Poor and stateless?
Forbes magazine has recently published the “club of 69 high-income nations” (those with a per-capita income of more than US$12,000 per year) which includes South Korea, Singapore, Hong Kong and Macau.
China, with a per-capita income of US$6,000 per year, is on its way to becoming one, possibly in eight years.
Taiwan is conspicuously missing from this “rich list.”
Is Taiwan’s per-capita income less than US$12,000 a year now?
If so, Taiwan’s past economic miracles have gone down the drain and the nation has been replaced by Macau as one of the “Four Little Dragons of Asia.”
Taiwanese have a right to complain about their poor economic situation and the bad policies of their government.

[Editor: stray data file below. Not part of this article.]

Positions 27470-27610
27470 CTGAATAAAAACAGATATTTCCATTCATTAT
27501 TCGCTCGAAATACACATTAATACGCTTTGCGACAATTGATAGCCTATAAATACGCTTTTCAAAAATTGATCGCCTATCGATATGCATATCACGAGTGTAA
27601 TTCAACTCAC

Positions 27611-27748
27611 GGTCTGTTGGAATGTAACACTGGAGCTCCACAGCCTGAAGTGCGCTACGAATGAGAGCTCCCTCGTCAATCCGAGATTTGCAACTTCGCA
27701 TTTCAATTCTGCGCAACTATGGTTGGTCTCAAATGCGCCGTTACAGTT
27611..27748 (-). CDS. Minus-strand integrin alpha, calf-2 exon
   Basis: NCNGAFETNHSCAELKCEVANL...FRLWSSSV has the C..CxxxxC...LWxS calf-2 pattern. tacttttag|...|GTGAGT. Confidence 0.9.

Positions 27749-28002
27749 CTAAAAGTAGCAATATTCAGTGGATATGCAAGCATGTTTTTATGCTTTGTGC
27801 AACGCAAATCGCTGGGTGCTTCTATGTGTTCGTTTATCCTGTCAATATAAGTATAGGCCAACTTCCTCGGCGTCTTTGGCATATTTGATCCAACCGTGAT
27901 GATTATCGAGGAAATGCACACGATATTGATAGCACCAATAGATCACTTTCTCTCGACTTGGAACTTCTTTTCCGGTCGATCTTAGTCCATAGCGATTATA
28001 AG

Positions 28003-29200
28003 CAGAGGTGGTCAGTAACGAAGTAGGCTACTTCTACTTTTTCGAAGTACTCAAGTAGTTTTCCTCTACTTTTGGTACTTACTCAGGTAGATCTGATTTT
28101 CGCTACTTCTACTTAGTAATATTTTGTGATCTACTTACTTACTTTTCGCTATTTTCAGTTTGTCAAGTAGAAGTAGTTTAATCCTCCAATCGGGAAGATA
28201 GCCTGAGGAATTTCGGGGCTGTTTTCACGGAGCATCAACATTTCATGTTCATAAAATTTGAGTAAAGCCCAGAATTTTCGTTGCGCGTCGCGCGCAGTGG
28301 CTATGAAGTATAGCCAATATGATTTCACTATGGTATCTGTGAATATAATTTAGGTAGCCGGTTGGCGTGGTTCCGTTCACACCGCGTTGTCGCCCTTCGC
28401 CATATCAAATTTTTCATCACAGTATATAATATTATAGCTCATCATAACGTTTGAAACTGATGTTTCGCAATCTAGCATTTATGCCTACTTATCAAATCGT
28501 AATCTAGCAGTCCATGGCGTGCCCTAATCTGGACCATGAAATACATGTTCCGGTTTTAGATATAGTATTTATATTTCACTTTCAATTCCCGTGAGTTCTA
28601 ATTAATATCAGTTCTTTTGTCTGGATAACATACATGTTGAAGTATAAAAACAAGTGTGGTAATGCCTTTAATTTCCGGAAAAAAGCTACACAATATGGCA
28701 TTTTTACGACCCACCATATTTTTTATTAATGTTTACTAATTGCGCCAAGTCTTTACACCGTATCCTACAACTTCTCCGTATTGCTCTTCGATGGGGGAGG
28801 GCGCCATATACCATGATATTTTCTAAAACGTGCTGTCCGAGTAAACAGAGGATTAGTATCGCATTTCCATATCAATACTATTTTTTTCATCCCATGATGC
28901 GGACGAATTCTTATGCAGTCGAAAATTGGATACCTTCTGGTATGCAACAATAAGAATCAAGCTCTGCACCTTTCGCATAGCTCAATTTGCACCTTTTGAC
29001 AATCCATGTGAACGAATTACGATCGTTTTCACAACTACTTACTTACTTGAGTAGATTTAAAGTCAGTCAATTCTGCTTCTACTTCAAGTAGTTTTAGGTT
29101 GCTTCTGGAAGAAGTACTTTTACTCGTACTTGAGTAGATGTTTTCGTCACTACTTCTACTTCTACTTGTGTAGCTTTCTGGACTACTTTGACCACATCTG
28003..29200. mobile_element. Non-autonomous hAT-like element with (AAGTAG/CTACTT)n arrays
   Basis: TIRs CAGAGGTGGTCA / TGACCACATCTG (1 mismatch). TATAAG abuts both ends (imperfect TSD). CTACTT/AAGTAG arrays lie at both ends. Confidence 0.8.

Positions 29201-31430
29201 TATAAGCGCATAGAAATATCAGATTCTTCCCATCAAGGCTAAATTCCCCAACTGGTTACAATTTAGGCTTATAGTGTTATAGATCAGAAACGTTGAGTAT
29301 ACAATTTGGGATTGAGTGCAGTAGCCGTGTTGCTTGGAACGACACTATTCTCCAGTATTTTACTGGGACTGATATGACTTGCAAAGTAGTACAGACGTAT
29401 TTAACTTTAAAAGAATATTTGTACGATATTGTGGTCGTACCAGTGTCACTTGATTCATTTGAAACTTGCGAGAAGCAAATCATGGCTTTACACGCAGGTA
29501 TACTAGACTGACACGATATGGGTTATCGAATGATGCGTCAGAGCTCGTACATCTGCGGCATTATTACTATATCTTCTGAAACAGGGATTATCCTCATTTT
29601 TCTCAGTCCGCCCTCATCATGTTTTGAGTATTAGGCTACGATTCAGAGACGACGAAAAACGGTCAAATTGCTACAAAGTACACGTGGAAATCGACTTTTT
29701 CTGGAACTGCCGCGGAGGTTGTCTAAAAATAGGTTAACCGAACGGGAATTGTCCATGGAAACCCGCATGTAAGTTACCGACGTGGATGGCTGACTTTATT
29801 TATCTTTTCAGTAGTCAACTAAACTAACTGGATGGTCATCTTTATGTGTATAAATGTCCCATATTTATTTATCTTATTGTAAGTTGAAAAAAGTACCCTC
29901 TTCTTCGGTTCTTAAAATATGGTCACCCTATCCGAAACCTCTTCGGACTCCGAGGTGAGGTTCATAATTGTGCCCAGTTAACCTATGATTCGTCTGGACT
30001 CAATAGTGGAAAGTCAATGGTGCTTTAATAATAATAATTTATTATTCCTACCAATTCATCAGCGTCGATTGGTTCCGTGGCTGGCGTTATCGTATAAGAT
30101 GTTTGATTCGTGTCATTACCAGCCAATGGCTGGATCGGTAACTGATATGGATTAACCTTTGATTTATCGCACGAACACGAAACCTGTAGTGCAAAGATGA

Or is Taiwan considered a “non-nation” — like “Island China” or “Chinese Taipei” under “One China” — and thus omitted from the list?
If so, the nation is well below Hong Kong and Macau in status. Taiwan is no longer “the second Hong Kong.”
It has been reduced to being “next to Hong Kong and Macao.”
In many international patent applications, Taiwan is not listed as one of many designated states for patent rights.
Also, Taiwanese tourists often have to fill out visa entry forms that do not offer Taiwanese as an option for nationality.
Taiwanese, are you really poor and stateless?
At least you have a rich ruling political party and a president re-elected by the people!Charles Hong